Here's a basic technique of Middle Eastern cuisine: tahini sauce. This is the classic way of preparing tahini, not just a sauce but a component of a myriad of dishes. Add pureed chickpeas to this and you have hummus, add mashed eggplant to it and you have baba ghanoush. Drizzle it on top of fish, toss it with dice tomatoes, or stir it into cooked swiss chard. This technique is embedded in hundreds of Middle Eastern recipe.
This technique also has a cool chemical reaction in it: the interaction between the tahini and the lemon juice. The acid in the lemon juice causes a very runny tahini sauce to thicken up and become stiff and solid. (Any chemists out there who can explain this??)
This is an old school recipe that's best done with a mortar and pestle. You can do this in a food processor, but I rarely do (mainly because I hate cleaning the food processor), but also because I find it doesn't do a very good job smashing the garlic.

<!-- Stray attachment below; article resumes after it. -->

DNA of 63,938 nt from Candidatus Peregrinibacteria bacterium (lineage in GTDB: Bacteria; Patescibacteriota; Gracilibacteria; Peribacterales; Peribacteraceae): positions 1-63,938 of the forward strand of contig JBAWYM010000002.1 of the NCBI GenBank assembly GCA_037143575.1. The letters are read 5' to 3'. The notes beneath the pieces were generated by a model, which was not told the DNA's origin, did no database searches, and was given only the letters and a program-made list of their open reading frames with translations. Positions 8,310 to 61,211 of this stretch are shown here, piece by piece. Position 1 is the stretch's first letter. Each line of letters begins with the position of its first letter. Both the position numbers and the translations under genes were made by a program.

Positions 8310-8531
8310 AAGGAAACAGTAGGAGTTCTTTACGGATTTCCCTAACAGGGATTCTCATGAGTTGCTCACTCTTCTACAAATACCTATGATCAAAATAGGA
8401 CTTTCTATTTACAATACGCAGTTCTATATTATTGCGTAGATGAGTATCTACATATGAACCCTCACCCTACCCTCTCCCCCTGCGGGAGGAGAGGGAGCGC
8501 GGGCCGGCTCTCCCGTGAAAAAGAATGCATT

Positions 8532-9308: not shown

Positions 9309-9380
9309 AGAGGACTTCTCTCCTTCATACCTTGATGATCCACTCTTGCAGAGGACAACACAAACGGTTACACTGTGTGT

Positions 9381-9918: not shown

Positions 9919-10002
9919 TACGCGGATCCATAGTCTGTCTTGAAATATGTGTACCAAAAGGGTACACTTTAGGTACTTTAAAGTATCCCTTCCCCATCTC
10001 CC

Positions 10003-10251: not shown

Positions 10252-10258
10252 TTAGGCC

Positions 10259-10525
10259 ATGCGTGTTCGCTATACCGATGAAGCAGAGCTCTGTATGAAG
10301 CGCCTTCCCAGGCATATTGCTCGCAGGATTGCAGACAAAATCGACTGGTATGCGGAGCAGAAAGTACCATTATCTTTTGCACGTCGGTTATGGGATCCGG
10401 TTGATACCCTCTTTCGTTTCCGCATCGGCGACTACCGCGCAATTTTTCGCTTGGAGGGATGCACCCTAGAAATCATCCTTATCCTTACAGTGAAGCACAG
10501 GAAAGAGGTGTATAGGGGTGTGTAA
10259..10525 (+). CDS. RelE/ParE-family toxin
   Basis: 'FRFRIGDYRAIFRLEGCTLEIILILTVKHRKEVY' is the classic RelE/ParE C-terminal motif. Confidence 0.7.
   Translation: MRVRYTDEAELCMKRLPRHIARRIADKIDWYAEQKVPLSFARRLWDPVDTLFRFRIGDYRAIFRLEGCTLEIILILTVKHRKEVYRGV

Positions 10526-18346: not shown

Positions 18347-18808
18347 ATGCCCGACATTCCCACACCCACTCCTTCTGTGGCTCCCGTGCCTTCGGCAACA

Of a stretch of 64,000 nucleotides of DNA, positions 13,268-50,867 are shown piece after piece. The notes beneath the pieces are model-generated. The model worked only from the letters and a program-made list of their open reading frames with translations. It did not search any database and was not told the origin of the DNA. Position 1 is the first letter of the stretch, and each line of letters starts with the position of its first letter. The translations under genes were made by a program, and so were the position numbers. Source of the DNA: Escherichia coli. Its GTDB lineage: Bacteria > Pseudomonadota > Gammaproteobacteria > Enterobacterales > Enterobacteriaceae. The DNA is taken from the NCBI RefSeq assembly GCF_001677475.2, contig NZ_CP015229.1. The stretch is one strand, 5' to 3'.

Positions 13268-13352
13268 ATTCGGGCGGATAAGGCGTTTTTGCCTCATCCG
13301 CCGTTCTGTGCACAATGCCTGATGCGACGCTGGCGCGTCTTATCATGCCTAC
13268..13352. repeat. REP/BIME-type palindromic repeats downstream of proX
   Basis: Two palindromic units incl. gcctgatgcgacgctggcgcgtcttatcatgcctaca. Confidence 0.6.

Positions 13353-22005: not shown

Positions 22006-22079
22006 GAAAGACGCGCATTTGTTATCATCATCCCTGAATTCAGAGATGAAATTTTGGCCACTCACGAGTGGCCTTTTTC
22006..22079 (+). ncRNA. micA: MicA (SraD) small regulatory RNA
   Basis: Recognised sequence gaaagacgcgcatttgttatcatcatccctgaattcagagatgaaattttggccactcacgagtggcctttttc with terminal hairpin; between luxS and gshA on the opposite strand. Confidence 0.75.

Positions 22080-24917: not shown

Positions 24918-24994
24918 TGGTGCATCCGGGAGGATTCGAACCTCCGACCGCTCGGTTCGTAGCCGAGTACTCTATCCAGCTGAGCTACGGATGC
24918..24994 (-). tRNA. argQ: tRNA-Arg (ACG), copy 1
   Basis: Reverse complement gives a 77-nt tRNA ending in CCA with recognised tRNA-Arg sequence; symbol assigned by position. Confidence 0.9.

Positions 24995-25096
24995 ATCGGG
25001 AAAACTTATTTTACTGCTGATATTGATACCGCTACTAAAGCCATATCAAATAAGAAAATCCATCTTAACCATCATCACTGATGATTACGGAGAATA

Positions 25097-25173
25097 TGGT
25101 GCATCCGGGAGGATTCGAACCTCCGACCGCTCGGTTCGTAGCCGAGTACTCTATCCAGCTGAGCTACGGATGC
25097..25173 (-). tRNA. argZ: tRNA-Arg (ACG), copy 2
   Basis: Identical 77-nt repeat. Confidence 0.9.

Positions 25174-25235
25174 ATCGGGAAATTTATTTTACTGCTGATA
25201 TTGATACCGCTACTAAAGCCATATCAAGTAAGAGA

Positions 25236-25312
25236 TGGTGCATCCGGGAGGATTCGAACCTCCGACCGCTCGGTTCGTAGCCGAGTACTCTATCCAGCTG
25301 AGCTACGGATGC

This sauce is classic, and rarely needs anything else, but feel free to try adding a pinch of cumin or Aleppo pepper just to mix things up.
1 garlic clove
1/2 teaspoon salt
1 cup tahini
juice of 2 lemons (must be fresh!)
1. Bash the garlic and salt in a mortar and pestle until it reaches a smooth paste. Transfer the paste to a bowl and stir in the tahini.
2. Add in the lemon juice, you will see the sauce become very white and "tight." Slowly add in water until the mixture reaches a smooth paste (don't be surprised, you may have to add up to 1 to 2 cups of water). The sauce should be thick put pourable. Season as desired.